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Abundance of introduced species at home predicts abundance away in herbaceous communities

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Abundance of introduced species at home predicts abundance away in herbaceous communities. / Firn, J.; Moore, J.L.; MacDougall, A.S. et al.

In: Ecology Letters, Vol. 14, No. 3, 03.2011, p. 274-281.

Research output: Contribution to Journal/MagazineJournal articlepeer-review

Harvard

Firn, J, Moore, JL, MacDougall, AS, Borer, ET, Seabloom, E, HilleRisLambers, J, Harpole, WS, Cleland, EE, Brown, CS, Knops, JMH, Prober, S, Pyke, DA, Farrell, KA, Bakker, J, O’Halloran, LR, Adler, PB, Collins, SL, D’Antonio, CM, Crawley, MJ, Wolkovich , EM, La Pierre, KJ, Melbourne, BA, Hautier, Y, Morgan, JW, Leakey, ABD, Kay, A, McCulley, R, Davies, K, Stevens, C, Chu, CJ, Holl, KD, Klein, JA, Fay, PA, Hagenah, N, Kirkham, KP & Buckley, Y 2011, 'Abundance of introduced species at home predicts abundance away in herbaceous communities', Ecology Letters, vol. 14, no. 3, pp. 274-281. https://doi.org/10.1111/j.1461-0248.2010.01584.x

APA

Firn, J., Moore, J. L., MacDougall, A. S., Borer, E. T., Seabloom, E., HilleRisLambers, J., Harpole, W. S., Cleland, E. E., Brown, C. S., Knops, J. M. H., Prober, S., Pyke, D. A., Farrell, K. A., Bakker, J., O’Halloran, L. R., Adler, P. B., Collins, S. L., D’Antonio, C. M., Crawley, M. J., ... Buckley, Y. (2011). Abundance of introduced species at home predicts abundance away in herbaceous communities. Ecology Letters, 14(3), 274-281. https://doi.org/10.1111/j.1461-0248.2010.01584.x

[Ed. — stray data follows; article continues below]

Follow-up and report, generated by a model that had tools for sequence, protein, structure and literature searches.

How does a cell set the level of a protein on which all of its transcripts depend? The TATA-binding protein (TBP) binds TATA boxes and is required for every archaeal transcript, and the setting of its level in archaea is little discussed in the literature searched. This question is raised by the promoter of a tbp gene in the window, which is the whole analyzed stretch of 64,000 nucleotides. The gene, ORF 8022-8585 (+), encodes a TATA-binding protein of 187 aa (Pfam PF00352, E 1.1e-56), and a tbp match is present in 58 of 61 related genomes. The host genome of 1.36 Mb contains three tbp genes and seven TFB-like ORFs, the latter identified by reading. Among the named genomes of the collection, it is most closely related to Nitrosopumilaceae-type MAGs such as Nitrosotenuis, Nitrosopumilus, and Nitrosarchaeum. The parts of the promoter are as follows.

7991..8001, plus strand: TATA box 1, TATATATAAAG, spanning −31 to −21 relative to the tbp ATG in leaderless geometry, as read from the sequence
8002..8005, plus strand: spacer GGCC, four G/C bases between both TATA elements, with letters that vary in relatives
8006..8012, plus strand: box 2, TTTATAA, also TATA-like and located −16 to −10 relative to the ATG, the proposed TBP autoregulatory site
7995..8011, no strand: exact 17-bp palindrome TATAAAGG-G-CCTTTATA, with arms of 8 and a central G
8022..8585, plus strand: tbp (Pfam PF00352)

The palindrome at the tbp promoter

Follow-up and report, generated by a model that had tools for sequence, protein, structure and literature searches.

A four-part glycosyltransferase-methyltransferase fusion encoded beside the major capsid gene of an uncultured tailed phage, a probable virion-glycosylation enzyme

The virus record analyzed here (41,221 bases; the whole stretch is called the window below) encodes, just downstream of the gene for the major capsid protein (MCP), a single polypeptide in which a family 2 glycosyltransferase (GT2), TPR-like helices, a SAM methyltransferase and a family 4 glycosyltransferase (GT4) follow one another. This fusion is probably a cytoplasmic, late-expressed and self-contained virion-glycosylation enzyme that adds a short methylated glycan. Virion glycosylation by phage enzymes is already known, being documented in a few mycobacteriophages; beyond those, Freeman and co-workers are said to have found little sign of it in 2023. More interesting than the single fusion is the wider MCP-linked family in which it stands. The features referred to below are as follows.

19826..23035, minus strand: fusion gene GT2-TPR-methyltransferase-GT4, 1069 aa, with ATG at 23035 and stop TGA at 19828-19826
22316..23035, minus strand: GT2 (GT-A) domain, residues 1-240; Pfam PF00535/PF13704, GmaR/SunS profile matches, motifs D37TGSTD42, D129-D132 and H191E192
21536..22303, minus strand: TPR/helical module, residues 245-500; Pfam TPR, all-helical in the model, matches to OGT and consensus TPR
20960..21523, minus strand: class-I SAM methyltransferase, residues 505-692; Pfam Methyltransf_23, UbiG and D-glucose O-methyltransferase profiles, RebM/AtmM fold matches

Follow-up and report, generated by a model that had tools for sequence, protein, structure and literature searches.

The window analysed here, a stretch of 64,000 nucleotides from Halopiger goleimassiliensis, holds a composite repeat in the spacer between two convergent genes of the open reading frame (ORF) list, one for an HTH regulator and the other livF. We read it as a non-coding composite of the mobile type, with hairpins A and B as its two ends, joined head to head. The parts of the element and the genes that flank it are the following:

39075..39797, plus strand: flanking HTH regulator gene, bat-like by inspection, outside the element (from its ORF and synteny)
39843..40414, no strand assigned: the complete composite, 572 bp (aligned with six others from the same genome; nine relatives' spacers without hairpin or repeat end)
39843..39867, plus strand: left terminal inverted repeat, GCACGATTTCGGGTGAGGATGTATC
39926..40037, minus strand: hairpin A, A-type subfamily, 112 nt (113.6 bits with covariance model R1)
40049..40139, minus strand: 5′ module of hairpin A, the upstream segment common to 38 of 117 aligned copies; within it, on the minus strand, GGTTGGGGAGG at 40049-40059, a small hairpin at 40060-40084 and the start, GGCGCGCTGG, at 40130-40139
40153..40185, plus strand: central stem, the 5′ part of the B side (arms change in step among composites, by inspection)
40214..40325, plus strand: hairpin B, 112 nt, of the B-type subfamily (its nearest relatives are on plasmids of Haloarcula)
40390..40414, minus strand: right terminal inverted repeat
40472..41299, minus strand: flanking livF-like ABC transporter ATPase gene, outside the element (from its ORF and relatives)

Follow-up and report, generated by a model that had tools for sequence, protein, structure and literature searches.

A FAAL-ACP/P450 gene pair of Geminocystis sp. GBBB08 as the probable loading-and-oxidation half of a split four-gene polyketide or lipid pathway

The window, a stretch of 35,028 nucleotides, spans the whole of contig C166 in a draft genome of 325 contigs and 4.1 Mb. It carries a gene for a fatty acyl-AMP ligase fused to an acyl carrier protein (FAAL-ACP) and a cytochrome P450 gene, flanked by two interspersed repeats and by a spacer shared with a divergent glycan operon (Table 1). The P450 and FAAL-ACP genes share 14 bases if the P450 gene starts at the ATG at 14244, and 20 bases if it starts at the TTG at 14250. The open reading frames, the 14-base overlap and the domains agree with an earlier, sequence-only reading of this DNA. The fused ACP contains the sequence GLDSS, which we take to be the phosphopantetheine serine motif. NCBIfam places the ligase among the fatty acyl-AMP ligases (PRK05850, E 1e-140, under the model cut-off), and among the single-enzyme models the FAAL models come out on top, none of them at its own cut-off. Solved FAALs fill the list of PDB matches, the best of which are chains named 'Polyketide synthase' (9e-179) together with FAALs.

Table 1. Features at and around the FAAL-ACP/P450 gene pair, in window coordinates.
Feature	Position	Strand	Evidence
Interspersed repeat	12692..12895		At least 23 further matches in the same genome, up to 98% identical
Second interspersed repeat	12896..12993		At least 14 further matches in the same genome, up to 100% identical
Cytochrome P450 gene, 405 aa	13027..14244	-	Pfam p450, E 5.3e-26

Vancouver

Firn J, Moore JL, MacDougall AS, Borer ET, Seabloom E, HilleRisLambers J et al. Abundance of introduced species at home predicts abundance away in herbaceous communities. Ecology Letters. 2011 Mar;14(3):274-281. doi: 10.1111/j.1461-0248.2010.01584.x

Author

Firn, J. ; Moore, J.L. ; MacDougall, A.S. et al. / Abundance of introduced species at home predicts abundance away in herbaceous communities. In: Ecology Letters. 2011 ; Vol. 14, No. 3. pp. 274-281.

Bibtex

@article{073890db39684587bfa6a6868095264b,
title = "Abundance of introduced species at home predicts abundance away in herbaceous communities",